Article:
I have rather neglected this blog over recent months as I have been working hard on my other project North Devon Angling News but I realise I should still try to keep up the blog so from now on I will post a few tales from my excursions outside of North Devon.
Springtime is the time that I often target Still-water Trout and one of my favourite local waters is Clatworthy in Somerset where I was privileged to join England International Matt Kingdom and Seth Tuson who fishes with the England Youth team. Both anglers are extremely keen and far more in tune with modern fly-fishing tactics. Though what I lack in the latest techniques I probably make up for with dogged persistence and a feel for the water built up in over forty years of fly-fishing.
We arrived at Clatworthy shortly after 9.00am and enjoyed a coffee and a chat with Danny Ford who used to work with South West lakes Trust. Danny is now furthering his career with Wessex Water and from what we saw its been good move.
It was a bright sunny day with a cool wind blowing down the lake. Danny advised a good area, which meant a good, trek though the woods to the far shore.
On route we glanced over the dam wall to glimpse several good-sized rainbows cruising to and fro.
We arrived at our chosen area that looked inviting with crystal clear water. Our early optimism soon ebbed and we realised that this wasn’t going to be one of those quick bag up days. Persisting with a team of small buzzers we all eventually started to catch full finned hard fighting rainbows.
We had arranged to leave at around 5.00pm, as Seth had to meet with his father who had delivered him to the lake this morning. After fifty; last casts we eventually dragged ourselves away with a hard earned catch for the day. I landed brace with Matt and Seth landing a brace each. A hard days fishing like this with the fish well earned are often far more enjoyable and rewarding than those days when the fish are easy to catch and the limit is reached within a couple of hours.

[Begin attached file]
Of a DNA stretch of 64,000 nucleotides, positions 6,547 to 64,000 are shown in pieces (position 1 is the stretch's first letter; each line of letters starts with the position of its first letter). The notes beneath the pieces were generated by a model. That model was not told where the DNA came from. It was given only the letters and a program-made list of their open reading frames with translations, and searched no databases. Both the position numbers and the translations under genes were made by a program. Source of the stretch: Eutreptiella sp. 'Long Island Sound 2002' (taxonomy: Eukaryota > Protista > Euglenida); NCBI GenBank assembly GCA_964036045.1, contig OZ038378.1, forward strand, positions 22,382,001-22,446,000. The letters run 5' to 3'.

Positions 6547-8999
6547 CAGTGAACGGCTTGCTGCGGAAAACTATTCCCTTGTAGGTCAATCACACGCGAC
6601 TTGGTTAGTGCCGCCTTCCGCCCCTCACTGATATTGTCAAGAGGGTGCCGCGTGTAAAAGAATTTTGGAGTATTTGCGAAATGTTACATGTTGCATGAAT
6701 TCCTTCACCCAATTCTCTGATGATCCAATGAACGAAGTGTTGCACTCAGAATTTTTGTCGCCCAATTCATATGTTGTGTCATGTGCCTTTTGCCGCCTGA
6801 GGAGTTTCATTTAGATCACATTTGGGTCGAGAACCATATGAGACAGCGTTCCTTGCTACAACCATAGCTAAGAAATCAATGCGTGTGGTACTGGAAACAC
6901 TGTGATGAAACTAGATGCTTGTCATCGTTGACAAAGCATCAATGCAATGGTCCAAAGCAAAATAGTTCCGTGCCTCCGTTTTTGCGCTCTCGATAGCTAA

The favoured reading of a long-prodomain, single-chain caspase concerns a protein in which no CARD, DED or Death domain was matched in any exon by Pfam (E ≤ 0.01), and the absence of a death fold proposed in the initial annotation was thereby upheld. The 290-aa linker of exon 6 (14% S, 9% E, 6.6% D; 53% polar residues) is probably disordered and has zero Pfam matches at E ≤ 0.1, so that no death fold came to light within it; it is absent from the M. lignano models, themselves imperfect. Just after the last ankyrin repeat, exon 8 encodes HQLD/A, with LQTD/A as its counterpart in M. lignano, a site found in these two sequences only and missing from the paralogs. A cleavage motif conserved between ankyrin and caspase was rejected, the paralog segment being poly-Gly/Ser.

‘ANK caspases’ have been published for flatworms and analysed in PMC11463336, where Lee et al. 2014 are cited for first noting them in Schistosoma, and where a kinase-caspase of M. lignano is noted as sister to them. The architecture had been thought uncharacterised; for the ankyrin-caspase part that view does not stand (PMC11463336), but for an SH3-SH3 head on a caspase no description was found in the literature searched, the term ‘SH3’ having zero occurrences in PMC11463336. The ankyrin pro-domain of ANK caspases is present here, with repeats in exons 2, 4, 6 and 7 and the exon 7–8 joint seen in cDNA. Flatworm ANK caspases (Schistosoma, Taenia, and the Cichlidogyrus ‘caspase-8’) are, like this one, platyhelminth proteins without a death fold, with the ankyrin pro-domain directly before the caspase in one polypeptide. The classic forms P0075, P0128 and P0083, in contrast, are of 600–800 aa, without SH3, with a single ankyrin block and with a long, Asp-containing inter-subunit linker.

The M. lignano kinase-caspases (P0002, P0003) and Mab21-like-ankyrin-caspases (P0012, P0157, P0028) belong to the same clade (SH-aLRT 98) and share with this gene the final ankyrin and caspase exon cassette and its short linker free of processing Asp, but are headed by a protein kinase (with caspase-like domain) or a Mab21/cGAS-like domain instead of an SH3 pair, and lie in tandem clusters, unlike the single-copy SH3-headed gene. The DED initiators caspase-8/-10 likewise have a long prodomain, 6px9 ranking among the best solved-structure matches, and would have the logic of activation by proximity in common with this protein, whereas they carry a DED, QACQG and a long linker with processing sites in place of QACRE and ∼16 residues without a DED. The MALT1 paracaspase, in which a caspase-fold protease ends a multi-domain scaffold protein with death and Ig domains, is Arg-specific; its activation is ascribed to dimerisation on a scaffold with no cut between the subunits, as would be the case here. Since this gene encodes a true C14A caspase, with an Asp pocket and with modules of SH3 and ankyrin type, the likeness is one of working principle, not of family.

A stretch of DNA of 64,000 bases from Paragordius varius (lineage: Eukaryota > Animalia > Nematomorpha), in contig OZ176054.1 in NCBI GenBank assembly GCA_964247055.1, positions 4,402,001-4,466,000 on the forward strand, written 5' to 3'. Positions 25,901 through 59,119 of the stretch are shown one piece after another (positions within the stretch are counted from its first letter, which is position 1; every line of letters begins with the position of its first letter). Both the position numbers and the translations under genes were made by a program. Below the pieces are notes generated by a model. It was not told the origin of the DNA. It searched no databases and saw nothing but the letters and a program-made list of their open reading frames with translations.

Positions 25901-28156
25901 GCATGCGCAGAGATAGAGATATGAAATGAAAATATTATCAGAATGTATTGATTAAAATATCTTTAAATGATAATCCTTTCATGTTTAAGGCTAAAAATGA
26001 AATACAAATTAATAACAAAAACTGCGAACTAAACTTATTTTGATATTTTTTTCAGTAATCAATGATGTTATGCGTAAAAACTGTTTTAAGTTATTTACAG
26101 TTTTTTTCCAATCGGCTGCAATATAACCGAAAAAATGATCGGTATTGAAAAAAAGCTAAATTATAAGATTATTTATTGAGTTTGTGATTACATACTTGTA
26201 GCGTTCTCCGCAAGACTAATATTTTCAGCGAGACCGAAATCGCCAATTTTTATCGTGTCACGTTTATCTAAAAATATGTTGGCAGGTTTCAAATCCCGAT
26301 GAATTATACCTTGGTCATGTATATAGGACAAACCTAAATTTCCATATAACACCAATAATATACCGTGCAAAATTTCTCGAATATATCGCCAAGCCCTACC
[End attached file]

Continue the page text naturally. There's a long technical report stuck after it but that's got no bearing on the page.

A few weeks later I joined members of Wistlandpound Fly Fishing Club on what was the hottest day of the year to date. The lake was like a mirror with bright blue sky, far from Ideal conditions.
Blagdon is a historic fishery that dates back to before the First World War when Hugh Tempest Sheringham wrote of the fishery in his excellent tome, ‘An Open Creel’. In 1905 he wrote “ I made first acquaintance with the wonderful Somersetshire Lake which has inspired so many angling rhapsodies, and then I was a yeartoo late. By that I mean a year too late for great baskets of monsters running from four pounds to eight or nine pounds. It will, I trust, never be too late for a fisherman to know and love Blagdon. It is still, and always will be, a delightful place, and though its fishing has altered in character, I am not sure that it is not even more interesting now than it was of old.”
This was my second visit to Blagdon and my first over twelve months prior to this was a blank with bitter cod North East Wind lashing the lake. Today the conditions were a complete contrast. I was sharing a boat with Matt Kingdom and I was confident that his experience at the lake would at least give us the chance of a few fish.
After purchasing our tickets in the historic lodge we loaded our boats and headed out onto the still waters. I gazed into the clear waters. As we pushed out over beds of weed I was thrilled to glimpse rainbow trout gliding through hunting for food.
I set up with a long leader fished in conjunction with a slow sinking line. On the point I fished a small black booby with two buzzers on droppers a couple of feet further back. We commenced fishing in clear areas amongst the weed beds and it was not long before I hooked into a hard fighting rainbow. Matt persisted with a midge tip line and a team of buzzers and soon joined the action.
After early success we moved on fishing large areas of the lake with limited success. The day drifted by upon a glassy expanse of water with blue sky and white cotton wool clouds. The rolling hills of lush green surrounded the lake, the Red Arrows flew over and we cast our lines. In the late afternoon the bells from Blagdon Village church rang out creating a timeless atmosphere. I wonder how much different the lake is to now to how it it was in H T Sheringham’s day?
At the end of the day Matt and I shared the honours with five fish each. Luck was on my side with a weight of 13lb 4oz two pounds up on Matt’s 11lb 4oz. Other members had struggled with a several trout to 4lb 8oz landed with third place falling to Colin Combes with a brace for just over 6lb.
I will return to Blagdon, it’s not always the easiest fishing but it has true pedigree and its waters contain fine fish and to fish here is follow in the footsteps of some of England’s greatest anglers.